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Potential role of stem cells in severe spinal cord injury: current perspectives and clinical data

Overview of attention for article published in Stem cells and cloning advances and applications, September 2012
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Mentioned by

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3 X users
facebook
1 Facebook page

Citations

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12 Dimensions

Readers on

mendeley
32 Mendeley
Title
Potential role of stem cells in severe spinal cord injury: current perspectives and clinical data
Published in
Stem cells and cloning advances and applications, September 2012
DOI 10.2147/sccaa.s28477
Pubmed ID
Authors

Syed AB Paspala, Sandeep K Vishwakarma, Tenneti VRK Murthy, Thiriveedi N Rao, Aleem A Khan

Abstract

Stem cell transplantation for spinal cord injury (SCI) along with new pharmacotherapy research offers the potential to restore function and ease the associated social and economic burden in the years ahead. Various sources of stem cells have been used in the treatment of SCI, but the most convincing results have been obtained with neural progenitor cells in preclinical models. Although the use of cell-based transplantation strategies for the repair of chronic SCI remains the long sought after holy grail, these approaches have been to date the most successful when applied in the subacute phase of injury. Application of cell-based strategies for the repair and regeneration of the chronically injured spinal cord will require a combinational strategy that may need to include approaches to overcome the effects of the glial scar, inhibitory molecules, and use of tissue engineering strategies to bridge the lesion. Nonetheless, cell transplantation strategies are promising, and it is anticipated that the Phase I clinical trials of some form of neural stem cell-based approach in SCI will commence very soon.

X Demographics

X Demographics

The data shown below were collected from the profiles of 3 X users who shared this research output. Click here to find out more about how the information was compiled.
Mendeley readers

Mendeley readers

The data shown below were compiled from readership statistics for 32 Mendeley readers of this research output. Click here to see the associated Mendeley record.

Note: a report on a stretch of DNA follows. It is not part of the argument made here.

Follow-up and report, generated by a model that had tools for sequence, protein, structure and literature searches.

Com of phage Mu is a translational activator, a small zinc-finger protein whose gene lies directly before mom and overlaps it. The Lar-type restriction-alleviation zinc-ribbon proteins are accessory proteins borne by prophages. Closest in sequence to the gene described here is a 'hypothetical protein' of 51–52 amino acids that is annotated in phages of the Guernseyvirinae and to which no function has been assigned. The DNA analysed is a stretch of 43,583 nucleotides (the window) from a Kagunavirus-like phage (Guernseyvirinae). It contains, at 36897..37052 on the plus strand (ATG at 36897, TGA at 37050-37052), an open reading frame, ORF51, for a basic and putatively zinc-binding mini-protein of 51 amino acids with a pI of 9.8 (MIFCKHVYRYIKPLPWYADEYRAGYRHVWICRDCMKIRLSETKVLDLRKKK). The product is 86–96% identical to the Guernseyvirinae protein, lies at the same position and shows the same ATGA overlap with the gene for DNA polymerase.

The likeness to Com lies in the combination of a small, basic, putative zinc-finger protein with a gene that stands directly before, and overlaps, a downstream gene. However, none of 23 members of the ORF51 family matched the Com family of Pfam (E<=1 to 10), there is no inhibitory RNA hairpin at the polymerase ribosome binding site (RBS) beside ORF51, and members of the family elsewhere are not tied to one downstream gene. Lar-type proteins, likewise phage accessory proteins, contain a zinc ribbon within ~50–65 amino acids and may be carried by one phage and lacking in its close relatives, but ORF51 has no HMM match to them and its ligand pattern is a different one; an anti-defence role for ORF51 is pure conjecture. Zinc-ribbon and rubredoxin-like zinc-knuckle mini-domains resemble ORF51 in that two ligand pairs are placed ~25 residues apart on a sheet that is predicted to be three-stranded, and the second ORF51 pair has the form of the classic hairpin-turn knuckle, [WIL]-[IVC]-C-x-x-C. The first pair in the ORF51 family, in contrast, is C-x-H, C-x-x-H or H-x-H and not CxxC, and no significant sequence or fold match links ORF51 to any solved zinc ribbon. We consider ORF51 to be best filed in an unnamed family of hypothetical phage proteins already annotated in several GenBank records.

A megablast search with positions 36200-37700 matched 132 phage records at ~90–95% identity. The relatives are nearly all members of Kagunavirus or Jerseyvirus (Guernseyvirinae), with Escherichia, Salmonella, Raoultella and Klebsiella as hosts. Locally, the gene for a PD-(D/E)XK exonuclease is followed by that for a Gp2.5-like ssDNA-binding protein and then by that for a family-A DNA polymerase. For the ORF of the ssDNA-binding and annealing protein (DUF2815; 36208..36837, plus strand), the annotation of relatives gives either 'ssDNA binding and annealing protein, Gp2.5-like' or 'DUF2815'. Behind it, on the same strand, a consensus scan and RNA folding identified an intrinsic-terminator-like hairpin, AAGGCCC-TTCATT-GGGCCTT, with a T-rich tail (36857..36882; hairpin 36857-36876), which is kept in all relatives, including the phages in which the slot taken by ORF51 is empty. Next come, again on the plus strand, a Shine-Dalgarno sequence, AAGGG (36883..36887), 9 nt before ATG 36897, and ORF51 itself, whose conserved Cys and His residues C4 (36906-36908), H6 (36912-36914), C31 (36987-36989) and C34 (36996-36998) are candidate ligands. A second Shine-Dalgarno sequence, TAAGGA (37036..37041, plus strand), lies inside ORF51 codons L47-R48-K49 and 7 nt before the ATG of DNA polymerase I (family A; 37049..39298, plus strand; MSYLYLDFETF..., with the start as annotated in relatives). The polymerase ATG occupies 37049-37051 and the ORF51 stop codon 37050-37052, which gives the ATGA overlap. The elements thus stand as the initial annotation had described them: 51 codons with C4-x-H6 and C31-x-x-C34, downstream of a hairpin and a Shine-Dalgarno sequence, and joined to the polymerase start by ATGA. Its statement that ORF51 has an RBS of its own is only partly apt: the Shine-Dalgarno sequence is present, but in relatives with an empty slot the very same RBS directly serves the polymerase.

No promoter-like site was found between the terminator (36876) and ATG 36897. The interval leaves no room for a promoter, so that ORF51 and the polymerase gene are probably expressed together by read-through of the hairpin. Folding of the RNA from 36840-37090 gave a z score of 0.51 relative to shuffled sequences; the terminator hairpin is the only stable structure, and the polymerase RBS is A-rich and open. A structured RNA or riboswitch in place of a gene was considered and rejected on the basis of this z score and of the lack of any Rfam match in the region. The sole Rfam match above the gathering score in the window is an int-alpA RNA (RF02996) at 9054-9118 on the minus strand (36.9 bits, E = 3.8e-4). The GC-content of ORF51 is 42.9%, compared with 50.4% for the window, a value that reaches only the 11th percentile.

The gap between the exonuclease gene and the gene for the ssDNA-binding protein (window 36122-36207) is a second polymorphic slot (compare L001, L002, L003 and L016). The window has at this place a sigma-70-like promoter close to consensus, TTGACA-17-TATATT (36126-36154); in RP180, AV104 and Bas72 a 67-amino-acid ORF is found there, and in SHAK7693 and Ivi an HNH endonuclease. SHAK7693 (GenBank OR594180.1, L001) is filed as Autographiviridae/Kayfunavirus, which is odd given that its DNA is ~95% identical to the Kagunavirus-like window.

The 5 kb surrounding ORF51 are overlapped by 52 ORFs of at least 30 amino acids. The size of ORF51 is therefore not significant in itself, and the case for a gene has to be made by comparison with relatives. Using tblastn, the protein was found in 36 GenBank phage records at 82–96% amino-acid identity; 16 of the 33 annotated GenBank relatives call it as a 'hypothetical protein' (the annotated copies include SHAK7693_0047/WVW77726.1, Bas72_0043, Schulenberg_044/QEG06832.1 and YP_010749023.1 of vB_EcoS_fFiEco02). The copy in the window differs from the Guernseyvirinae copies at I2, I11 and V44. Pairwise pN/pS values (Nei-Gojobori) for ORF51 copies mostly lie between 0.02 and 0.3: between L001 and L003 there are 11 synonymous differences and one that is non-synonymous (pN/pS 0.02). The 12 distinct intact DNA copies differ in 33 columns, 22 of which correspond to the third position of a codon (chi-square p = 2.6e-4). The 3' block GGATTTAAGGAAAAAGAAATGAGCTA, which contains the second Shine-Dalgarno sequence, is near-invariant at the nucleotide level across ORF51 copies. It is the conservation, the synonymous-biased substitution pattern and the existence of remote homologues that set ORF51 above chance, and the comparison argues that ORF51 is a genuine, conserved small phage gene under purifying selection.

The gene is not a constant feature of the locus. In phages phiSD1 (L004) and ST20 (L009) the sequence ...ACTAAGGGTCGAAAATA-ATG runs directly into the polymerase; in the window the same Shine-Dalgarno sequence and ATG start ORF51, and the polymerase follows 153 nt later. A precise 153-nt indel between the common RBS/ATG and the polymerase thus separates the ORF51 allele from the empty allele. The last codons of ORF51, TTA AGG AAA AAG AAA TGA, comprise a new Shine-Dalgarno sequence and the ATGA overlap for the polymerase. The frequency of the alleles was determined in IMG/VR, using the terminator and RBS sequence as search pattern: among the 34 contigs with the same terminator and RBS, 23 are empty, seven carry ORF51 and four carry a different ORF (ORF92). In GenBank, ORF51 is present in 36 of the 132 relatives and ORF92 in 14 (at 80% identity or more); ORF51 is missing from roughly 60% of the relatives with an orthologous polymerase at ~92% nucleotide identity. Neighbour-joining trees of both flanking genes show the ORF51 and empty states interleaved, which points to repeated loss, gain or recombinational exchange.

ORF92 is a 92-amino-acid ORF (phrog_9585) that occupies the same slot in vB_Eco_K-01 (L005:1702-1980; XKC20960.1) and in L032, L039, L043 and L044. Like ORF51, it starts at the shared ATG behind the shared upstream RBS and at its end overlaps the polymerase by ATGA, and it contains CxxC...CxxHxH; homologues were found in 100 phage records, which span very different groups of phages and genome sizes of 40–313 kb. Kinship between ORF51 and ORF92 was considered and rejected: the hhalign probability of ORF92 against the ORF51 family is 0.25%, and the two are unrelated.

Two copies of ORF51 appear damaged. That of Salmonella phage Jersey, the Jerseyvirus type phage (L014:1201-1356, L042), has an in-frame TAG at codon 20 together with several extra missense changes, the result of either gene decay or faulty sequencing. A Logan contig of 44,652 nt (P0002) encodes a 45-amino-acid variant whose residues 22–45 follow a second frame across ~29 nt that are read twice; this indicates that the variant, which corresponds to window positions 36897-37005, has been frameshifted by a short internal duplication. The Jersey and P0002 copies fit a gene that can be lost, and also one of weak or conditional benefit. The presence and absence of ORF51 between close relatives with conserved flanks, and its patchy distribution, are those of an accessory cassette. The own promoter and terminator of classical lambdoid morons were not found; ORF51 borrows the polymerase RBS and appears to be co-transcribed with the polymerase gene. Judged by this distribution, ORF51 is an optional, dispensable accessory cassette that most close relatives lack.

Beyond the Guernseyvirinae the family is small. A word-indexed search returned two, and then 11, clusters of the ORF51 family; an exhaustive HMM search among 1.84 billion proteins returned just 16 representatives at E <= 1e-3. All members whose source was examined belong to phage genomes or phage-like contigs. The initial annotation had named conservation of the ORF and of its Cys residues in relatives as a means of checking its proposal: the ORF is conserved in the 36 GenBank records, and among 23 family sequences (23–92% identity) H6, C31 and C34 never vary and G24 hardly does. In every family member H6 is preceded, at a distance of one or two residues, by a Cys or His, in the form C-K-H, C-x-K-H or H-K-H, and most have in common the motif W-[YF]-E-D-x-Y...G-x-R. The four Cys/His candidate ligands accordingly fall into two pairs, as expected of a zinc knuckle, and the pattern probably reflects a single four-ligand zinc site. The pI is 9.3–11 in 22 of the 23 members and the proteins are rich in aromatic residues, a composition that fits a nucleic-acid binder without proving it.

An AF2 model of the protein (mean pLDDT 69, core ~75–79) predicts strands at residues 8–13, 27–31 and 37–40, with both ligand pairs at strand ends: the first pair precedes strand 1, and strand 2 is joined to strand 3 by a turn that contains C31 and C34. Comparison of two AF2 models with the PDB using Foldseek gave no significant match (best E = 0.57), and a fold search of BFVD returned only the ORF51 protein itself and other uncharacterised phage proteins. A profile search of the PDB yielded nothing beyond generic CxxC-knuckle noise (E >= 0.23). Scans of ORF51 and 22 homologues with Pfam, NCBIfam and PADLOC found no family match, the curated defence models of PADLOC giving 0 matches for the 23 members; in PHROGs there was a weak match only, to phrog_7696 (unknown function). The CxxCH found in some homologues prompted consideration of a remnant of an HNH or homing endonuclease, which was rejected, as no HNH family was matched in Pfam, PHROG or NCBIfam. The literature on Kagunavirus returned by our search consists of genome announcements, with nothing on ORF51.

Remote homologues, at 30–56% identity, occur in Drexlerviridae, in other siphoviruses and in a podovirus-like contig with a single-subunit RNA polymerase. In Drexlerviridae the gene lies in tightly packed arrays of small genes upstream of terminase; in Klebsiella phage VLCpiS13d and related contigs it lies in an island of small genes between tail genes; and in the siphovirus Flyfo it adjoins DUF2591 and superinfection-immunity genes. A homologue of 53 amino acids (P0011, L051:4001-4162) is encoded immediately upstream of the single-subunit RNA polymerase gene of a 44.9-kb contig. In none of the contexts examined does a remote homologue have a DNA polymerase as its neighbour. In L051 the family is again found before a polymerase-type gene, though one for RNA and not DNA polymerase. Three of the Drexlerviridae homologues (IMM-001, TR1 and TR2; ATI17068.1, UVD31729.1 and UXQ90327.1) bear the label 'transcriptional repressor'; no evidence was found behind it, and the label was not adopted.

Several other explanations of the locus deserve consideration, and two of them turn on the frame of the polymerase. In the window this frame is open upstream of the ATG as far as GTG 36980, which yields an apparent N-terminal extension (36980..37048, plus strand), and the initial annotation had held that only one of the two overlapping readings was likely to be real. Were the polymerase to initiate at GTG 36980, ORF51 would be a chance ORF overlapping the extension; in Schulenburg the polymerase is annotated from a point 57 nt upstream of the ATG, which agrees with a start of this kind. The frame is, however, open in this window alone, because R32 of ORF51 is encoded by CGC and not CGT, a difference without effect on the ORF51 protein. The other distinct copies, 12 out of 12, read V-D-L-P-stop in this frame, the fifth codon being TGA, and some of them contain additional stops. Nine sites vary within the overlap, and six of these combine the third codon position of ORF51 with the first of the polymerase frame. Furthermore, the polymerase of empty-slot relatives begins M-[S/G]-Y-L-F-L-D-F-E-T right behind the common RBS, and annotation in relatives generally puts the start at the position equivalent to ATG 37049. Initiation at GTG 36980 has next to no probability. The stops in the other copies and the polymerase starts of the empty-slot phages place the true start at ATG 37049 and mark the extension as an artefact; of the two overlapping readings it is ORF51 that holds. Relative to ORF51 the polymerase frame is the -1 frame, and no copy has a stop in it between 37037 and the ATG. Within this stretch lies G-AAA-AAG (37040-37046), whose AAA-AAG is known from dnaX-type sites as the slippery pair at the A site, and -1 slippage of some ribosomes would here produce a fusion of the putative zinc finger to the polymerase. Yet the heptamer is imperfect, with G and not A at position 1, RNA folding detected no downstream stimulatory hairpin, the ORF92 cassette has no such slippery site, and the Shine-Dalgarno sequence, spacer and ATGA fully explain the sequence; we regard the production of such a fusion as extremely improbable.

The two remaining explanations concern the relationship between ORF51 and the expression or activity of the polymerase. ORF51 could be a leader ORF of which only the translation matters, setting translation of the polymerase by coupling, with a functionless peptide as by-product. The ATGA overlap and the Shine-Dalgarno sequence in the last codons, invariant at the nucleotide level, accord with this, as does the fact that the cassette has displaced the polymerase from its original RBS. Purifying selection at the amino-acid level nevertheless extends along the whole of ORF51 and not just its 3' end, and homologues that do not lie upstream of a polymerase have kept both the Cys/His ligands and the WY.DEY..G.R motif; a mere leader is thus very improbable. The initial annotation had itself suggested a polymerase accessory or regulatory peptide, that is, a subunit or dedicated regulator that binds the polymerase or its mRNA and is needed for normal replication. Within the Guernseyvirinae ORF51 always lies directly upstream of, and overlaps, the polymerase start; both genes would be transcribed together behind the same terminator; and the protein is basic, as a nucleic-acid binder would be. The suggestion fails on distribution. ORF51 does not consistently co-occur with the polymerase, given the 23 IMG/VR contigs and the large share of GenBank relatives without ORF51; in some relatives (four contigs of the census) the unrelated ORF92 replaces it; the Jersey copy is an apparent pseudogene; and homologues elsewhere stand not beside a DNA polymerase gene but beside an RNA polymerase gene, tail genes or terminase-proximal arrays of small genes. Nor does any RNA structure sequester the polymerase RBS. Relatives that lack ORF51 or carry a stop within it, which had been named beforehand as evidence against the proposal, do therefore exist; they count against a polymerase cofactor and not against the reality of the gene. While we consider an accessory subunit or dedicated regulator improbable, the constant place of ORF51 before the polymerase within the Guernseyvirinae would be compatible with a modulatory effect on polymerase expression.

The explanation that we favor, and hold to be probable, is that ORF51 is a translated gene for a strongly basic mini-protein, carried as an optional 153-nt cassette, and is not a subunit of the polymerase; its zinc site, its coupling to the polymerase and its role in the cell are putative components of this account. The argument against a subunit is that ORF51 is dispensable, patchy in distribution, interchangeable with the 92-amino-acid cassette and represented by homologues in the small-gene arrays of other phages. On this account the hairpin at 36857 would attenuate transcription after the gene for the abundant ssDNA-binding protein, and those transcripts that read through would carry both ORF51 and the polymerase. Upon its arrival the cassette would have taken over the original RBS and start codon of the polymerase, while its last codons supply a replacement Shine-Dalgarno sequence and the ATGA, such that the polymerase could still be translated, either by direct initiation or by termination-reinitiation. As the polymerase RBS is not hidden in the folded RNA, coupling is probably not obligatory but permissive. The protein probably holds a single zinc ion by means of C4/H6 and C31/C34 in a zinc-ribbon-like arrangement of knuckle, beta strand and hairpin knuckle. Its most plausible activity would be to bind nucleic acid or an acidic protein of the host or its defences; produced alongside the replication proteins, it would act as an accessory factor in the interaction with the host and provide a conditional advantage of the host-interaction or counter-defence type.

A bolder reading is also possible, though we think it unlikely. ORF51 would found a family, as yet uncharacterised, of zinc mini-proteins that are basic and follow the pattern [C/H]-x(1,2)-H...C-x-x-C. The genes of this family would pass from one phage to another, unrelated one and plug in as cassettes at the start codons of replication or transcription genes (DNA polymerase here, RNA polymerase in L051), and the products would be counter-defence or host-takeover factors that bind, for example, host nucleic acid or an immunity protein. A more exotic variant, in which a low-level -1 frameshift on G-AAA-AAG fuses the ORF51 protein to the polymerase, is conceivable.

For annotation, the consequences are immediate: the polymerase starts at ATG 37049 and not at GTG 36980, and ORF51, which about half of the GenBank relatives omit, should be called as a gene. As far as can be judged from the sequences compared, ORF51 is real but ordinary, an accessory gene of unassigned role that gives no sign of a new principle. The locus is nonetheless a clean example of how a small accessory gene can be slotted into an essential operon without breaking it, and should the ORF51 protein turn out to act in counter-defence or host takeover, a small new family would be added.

Geographical breakdown

Country Count As %
United Kingdom 1 3%
United States 1 3%
Sweden 1 3%
Canada 1 3%
Unknown 28 88%

Demographic breakdown

Readers by professional status Count As %
Researcher 8 25%
Student > Bachelor 6 19%
Student > Ph. D. Student 3 9%
Student > Postgraduate 3 9%
Student > Master 3 9%
Other 7 22%
Unknown 2 6%
Readers by discipline Count As %
Agricultural and Biological Sciences 10 31%
Medicine and Dentistry 8 25%
Biochemistry, Genetics and Molecular Biology 3 9%
Psychology 2 6%
Engineering 2 6%
Other 3 9%
Unknown 4 13%
Attention Score in Context

Attention Score in Context

This research output has an Altmetric Attention Score of 2. This is our high-level measure of the quality and quantity of online attention that it has received. This Attention Score, as well as the ranking and number of research outputs shown below, was calculated when the research output was last mentioned on 13 November 2013.
All research outputs
#15,169,543
of 25,374,647 outputs
Outputs from Stem cells and cloning advances and applications
#38
of 69 outputs
Outputs of similar age
#110,635
of 188,182 outputs
Outputs of similar age from Stem cells and cloning advances and applications
#2
of 2 outputs
Altmetric has tracked 25,374,647 research outputs across all sources so far. This one is in the 38th percentile – i.e., 38% of other outputs scored the same or lower than it.
So far Altmetric has tracked 69 research outputs from this source. They typically receive a little more attention than average, with a mean Attention Score of 6.6. This one is in the 42nd percentile – i.e., 42% of its peers scored the same or lower than it.
Older research outputs will score higher simply because they've had more time to accumulate mentions. To account for age we can compare this Altmetric Attention Score to the 188,182 tracked outputs that were published within six weeks on either side of this one in any source. This one is in the 39th percentile – i.e., 39% of its contemporaries scored the same or lower than it.
We're also able to compare this research output to 2 others from the same source and published within six weeks on either side of this one.